How what you eat affects your sleep
Most people suffer from poor sleep at some point in their lives. Studies indicate that only around 10 percent of adults sleep well all the time.
A lack of sleep can leave you physically and emotionally exhausted and affect your health and wellbeing. I've had sleep challenges over the years and it can be so frustrating, staring at the clock and willing yourself to go back to sleep. I've since got a handle on it but I still have the odd night when I find myself awake in the early hours and it's normally down to a bad lifestyle habit I've let creep back in. The food you consume can play a major part in your ability to sleep well.
The connection between food and sleep is complex.. What you eat affects how you sleep but the reverse is also true. Research shows that people who are sleep deprived tend to eat more fat-rich foods, simple carbohydrates and fewer vegetables, possibly because sleep loss alters chemical signals connected to metabolism and hunger. I know when I feel tired I tend to reach for carbs like crisps and bread. There's also been studies showing links to sleep deprivation and weight gain.
When you eat affects your sleep. Try and eat your main meal earlier in the evening - eating pushes up the body’s core temperature and this can disrupt sleep so have your dinner at least four hours before going to bed.
The types of food you eat has an impact. The kind of stuff you should incorporate into your diet is food that’s rich in fibre, magnesium and omega 3. Try and eat more chickpeas, lentils, salmon, mackerel, almonds, walnuts, cherries and kiwi – a study in Taiwan found adults who ate two kiwi fruit before bed every night for four weeks increased their sleep time by 13%......pass me the kiwi!!!.
You need to avoid the usual culprits, alcohol, caffeine, spicy foods and sugary treats as they can all disrupt your sleep. If you can’t function without caffeine try reducing your intake gradually, I have swapped my afternoon caffeine fix for a fizz stick to boost my energy, it's full of ginseng, guarana, green tea and B12 so it supports my adrenals and gives me good energy unlike the effects of caffeine. If you don’t want a disturbed sleep, cut back on alcohol. Small amounts of booze play havoc with my sleep – wine is definitely the reason I had a lousy sleep this weekend.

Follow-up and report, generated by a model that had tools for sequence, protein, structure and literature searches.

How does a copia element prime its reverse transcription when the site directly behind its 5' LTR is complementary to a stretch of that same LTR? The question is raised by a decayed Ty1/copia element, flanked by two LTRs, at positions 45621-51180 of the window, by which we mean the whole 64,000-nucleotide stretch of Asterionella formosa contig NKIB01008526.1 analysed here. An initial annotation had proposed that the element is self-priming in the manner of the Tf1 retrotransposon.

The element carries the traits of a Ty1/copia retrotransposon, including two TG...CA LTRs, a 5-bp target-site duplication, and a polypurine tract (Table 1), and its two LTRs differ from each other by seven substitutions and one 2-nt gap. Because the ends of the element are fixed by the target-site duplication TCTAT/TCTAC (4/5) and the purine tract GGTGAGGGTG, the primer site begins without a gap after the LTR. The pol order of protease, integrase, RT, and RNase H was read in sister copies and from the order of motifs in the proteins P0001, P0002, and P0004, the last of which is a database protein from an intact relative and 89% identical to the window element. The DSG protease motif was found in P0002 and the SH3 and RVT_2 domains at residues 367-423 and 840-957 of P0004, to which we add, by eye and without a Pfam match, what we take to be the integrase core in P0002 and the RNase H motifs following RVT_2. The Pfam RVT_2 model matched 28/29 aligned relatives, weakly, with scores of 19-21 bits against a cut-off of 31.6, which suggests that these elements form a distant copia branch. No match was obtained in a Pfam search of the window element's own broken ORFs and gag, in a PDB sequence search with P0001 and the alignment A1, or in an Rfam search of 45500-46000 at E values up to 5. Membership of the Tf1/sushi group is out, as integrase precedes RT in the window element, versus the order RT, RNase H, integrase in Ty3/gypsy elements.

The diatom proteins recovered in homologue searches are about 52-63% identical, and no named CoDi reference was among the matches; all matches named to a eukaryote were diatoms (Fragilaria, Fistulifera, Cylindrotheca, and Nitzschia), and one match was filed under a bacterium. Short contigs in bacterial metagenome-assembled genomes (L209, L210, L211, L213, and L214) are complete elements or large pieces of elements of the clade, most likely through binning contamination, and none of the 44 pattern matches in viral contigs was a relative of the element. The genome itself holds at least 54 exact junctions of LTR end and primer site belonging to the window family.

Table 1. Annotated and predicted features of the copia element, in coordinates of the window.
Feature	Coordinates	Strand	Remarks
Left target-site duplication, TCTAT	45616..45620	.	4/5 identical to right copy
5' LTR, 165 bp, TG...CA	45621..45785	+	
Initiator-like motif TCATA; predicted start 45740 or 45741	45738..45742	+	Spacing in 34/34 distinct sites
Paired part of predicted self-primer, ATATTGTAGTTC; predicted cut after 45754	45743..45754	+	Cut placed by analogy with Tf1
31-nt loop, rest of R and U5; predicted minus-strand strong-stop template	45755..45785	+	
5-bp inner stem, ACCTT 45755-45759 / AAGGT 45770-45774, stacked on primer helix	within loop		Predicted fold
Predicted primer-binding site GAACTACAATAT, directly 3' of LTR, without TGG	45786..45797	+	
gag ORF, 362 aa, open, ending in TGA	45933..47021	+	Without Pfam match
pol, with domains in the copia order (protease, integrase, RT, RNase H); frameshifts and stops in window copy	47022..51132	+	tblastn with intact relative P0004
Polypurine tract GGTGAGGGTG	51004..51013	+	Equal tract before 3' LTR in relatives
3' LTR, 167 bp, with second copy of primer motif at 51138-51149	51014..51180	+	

Food is only a small factor in supporting a good night’s sleep. You need to apply some techniques and principles as well as follow a routine for at least four weeks to see any improvement.
There’s loads of great recipes out there that can aid a good night sleep. I love this walnut crusted lemon chicken piccata from Wholesomlicious – walnuts are rich in fibre and magnesium which help support sleep. This dish is gluten free and only takes 20 minutes to make.
The Mind Tribe Sleep Success workshop looks at making some simple changes to your lifestyle and applying a bit of brain training to see significant improvements to your sleep pattern. For more information please contact email@example.com
Walnut Crusted Lemon Chicken Piccata
· 4 medium sized chicken breasts
· 1 cup walnuts
· Salt and Pepper
· 3 tbsp olive oil
· 2 cloves garlic crushed
· 2 lemons
· 1 cup chicken broth
· 2 tbsp drained capers
· 2 tbsp chopped fresh parsley
1. Begin by heating up a large frying pan to medium high heat.
2. While pan is heating, pound chicken breasts so they are about 1/2 inch thick. Season with salt and pepper
3. Pulse walnuts in a food processor until it resembles a crumbly mixture, place inside a shallow bowl.
4. Place seasoned chicken breasts in the walnut coating, getting both sides.
5. Add 2 tbsp olive oil to the frying pan, and all the chicken breasts into the pan. Cook for approximately 2-3 minutes per side. Outside should be golden and crispy, and the inside should be cooked through. DO NOT OVERCOOK!! Remove to a plate and cover with foil to keep warm.
6. Juice one of the lemons, and slice the other for serving (or juice it for the sauce if you want it EXTRA lemon-y, adjust to your taste).
7. Now make the lemon sauce: add the remaining 1 tbsp olive oil (may need an extra tbsp), and scrape up any of the brown bits on the pan. Add garlic and cook for about 30 seconds. Add lemon juice, chicken broth, and capers while you continue to scrape around the pan. Sauce should bubble and begin to thicken after 2-3 minutes. If you would like the sauce to be thicker, you can always add 2 tsp cornflour with 1tbsp water and mix into the sauce.
8. Pour sauce over chicken and serve immediately with lemon slices and chopped parsley.